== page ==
January 10, 2012
BehindTheMedspeak: "Why Most Published Research Findings Are False"
The abstract follows.
There is increasing concern that most current published research findings are false. The probability that a research claim is true may depend on study power and bias, the number of other studies on the same question, and, importantly, the ratio of true to no relationships among the relationships probed in each scientific field. In this framework, a research finding is less likely to be true when the studies conducted in a field are smaller; when effect sizes are smaller; when there is a greater number and lesser preselection of tested relationships; where there is greater flexibility in designs, definitions, outcomes, and analytical modes; when there is greater financial and other interest and prejudice; and when more teams are involved in a scientific field in chase of statistical significance. Simulations show that for most study designs and settings, it is more likely for a research claim to be false than true. Moreover, for many current scientific fields, claimed research findings may often be simply accurate measures of the prevailing bias. In this essay, I discuss the implications of these problems for the conduct and interpretation of research.
Read the paper in its entirety, download it as a PDF, and/or print it out here.
Free, the way we like it.
January 10, 2012 at 04:01 PM | Permalink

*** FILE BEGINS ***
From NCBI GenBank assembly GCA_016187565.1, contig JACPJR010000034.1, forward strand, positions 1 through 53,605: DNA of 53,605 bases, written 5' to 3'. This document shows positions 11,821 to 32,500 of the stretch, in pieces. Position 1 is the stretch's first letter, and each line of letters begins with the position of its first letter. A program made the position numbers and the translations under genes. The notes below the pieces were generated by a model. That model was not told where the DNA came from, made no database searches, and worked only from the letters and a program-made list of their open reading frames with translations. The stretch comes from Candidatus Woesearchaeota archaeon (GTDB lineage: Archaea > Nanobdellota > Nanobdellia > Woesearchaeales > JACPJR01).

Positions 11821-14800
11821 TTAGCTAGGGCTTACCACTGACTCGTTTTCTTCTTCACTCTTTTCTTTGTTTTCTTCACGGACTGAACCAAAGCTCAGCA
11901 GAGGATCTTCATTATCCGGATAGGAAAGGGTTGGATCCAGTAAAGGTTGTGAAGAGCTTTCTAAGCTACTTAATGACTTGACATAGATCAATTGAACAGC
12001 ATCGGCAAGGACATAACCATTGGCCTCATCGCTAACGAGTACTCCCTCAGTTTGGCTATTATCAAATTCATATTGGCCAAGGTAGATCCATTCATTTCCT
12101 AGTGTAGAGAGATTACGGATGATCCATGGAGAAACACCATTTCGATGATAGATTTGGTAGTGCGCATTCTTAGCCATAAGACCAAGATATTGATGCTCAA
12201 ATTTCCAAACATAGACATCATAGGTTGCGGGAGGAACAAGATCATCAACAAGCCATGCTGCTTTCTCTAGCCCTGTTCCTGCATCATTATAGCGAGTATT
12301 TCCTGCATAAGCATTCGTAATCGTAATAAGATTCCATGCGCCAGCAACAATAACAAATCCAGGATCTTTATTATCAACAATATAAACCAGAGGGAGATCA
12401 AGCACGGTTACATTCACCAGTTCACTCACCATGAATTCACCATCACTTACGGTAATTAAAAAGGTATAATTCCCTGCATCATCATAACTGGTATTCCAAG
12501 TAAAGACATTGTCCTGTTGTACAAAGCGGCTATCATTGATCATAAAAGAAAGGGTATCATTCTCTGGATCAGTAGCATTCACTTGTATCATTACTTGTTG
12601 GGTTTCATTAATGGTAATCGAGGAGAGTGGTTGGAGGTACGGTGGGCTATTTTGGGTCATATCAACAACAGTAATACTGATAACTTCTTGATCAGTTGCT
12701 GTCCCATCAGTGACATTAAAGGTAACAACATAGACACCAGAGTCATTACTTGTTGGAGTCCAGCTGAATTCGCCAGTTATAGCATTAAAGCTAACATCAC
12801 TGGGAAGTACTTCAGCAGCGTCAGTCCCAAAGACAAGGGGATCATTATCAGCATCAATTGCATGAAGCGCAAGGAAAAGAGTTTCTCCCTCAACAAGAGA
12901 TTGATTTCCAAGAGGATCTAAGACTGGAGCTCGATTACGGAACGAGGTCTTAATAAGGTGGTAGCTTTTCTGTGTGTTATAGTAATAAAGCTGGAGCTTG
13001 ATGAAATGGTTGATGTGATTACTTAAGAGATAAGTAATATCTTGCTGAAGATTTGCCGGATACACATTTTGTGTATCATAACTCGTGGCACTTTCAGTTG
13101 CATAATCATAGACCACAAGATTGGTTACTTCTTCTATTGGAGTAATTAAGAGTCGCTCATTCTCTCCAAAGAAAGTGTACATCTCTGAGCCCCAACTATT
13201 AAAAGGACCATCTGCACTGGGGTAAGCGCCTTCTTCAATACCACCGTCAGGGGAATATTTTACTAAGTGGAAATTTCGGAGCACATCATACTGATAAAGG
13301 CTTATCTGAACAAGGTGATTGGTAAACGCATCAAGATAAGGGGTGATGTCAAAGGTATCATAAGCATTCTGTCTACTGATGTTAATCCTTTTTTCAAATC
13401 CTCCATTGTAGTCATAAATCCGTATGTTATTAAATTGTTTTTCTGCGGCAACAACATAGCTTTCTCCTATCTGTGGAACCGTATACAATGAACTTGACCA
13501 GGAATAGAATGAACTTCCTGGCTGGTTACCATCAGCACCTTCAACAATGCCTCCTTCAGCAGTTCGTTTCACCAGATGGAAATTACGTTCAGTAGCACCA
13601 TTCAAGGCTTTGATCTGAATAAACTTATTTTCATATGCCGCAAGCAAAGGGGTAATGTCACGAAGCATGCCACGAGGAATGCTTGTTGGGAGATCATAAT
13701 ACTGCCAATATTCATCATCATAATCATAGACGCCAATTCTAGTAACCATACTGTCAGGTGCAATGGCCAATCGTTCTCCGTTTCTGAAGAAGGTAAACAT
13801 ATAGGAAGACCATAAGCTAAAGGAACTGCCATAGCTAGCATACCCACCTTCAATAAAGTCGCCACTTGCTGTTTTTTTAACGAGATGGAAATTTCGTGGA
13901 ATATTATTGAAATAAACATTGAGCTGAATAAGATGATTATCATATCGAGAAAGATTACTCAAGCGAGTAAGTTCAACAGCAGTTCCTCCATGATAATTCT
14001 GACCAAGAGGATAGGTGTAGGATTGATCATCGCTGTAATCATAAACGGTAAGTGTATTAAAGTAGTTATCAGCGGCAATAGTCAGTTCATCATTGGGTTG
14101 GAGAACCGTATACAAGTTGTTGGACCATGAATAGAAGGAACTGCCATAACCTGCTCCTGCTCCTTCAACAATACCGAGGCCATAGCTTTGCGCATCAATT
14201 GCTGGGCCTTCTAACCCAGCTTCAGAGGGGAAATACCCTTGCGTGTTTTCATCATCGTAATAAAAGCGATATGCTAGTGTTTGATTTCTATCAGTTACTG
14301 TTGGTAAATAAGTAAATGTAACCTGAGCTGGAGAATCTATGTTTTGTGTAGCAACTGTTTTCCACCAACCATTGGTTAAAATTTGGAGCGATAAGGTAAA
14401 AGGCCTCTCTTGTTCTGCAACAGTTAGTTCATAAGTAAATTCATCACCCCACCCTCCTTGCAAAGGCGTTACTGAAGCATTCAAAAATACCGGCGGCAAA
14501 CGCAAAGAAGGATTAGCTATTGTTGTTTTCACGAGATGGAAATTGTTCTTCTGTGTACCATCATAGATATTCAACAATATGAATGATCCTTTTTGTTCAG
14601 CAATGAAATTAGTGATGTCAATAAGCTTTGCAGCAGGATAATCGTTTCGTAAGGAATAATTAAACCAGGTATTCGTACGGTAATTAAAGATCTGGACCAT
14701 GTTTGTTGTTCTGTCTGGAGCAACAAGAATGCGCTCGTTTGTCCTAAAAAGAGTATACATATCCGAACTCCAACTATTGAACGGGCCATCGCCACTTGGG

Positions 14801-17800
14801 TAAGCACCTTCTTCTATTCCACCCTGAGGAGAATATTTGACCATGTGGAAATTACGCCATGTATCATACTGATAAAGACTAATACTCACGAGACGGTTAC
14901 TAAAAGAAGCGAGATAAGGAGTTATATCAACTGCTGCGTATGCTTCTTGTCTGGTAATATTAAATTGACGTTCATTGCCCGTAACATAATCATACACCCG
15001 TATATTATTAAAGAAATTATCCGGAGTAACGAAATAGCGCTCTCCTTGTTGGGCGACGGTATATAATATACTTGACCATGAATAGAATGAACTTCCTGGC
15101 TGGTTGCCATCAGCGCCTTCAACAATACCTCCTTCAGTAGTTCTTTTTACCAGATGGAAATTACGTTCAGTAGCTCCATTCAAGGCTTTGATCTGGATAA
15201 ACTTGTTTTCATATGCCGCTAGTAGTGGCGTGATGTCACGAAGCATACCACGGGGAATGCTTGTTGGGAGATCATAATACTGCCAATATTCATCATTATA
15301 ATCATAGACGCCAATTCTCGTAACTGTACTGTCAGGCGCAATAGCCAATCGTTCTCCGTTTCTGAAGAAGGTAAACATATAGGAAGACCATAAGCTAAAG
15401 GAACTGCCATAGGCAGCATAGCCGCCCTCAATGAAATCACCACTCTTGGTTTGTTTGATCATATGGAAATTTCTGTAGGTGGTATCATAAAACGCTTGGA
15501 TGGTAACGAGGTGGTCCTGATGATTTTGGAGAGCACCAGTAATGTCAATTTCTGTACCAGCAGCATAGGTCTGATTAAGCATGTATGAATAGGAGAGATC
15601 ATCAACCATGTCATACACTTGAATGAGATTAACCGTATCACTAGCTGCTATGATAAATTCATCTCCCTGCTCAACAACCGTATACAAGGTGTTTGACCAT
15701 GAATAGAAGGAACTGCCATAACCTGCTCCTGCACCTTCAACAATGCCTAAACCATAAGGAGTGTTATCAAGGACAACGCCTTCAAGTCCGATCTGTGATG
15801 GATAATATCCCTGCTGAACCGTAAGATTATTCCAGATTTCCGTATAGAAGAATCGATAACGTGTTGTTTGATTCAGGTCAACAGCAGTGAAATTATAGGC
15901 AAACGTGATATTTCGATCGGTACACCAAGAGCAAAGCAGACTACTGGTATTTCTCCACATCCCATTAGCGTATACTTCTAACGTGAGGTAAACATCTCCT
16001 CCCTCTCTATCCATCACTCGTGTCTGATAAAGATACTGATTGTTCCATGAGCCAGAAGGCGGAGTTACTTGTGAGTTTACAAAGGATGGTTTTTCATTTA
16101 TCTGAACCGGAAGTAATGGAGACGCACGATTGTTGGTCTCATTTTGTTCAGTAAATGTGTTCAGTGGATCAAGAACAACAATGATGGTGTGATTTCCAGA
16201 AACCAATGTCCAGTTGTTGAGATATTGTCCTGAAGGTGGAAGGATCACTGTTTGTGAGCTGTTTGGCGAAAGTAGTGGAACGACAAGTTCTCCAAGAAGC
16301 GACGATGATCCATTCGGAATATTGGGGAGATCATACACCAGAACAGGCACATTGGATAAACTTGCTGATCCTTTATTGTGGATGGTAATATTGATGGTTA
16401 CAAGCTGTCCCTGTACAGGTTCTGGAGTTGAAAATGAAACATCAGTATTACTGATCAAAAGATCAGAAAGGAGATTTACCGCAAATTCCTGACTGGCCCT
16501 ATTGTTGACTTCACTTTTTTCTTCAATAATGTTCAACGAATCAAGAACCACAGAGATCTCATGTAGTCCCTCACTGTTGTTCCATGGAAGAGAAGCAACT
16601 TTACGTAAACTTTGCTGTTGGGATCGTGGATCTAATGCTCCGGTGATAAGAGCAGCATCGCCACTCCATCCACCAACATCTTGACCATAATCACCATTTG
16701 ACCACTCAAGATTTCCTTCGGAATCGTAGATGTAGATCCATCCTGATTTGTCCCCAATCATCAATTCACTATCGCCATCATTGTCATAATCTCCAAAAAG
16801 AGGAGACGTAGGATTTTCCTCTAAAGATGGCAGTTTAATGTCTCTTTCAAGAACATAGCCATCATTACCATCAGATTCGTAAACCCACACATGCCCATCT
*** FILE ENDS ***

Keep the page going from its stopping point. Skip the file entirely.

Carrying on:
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Even more interesting than I had expected. A study of multi variant causation of error in research methodology. Not dated a bit for a 2005 study.
Now, if we only applied data validation to our daily decisions / advertising messages.
Posted by: 6.02*10^23 | Jan 11, 2012 12:31:55 PM
I'm looking forward to reading the linked paper.
I expect that statistical rigor - a wonderful tool that increased processor access time affords us - may well be the central issue.
Well, that and the fact that the majority of major research issues have been researched to death (when did anybody see tertiary syphilius (outside of that immoral study) after 1970?
How many bolts fail, power lines fall and municipal water systems / roadbeds / primary services fail? We have studied all of the primary problems and arrived at working solutions. The current problems involve vastly more complex variables / huge data sets or else are so minuscule that obtaining reliable data from the limited data set presents the real problem. Climate change falls into the former group and the effect (if any) of emf on livestock pastured under high tension lines falls into the latter group.
We consider the "Twinkie defense" an outlier (or, outright lie)....
Posted by: 6.02*10^23 | Jan 11, 2012 2:16:13 AM
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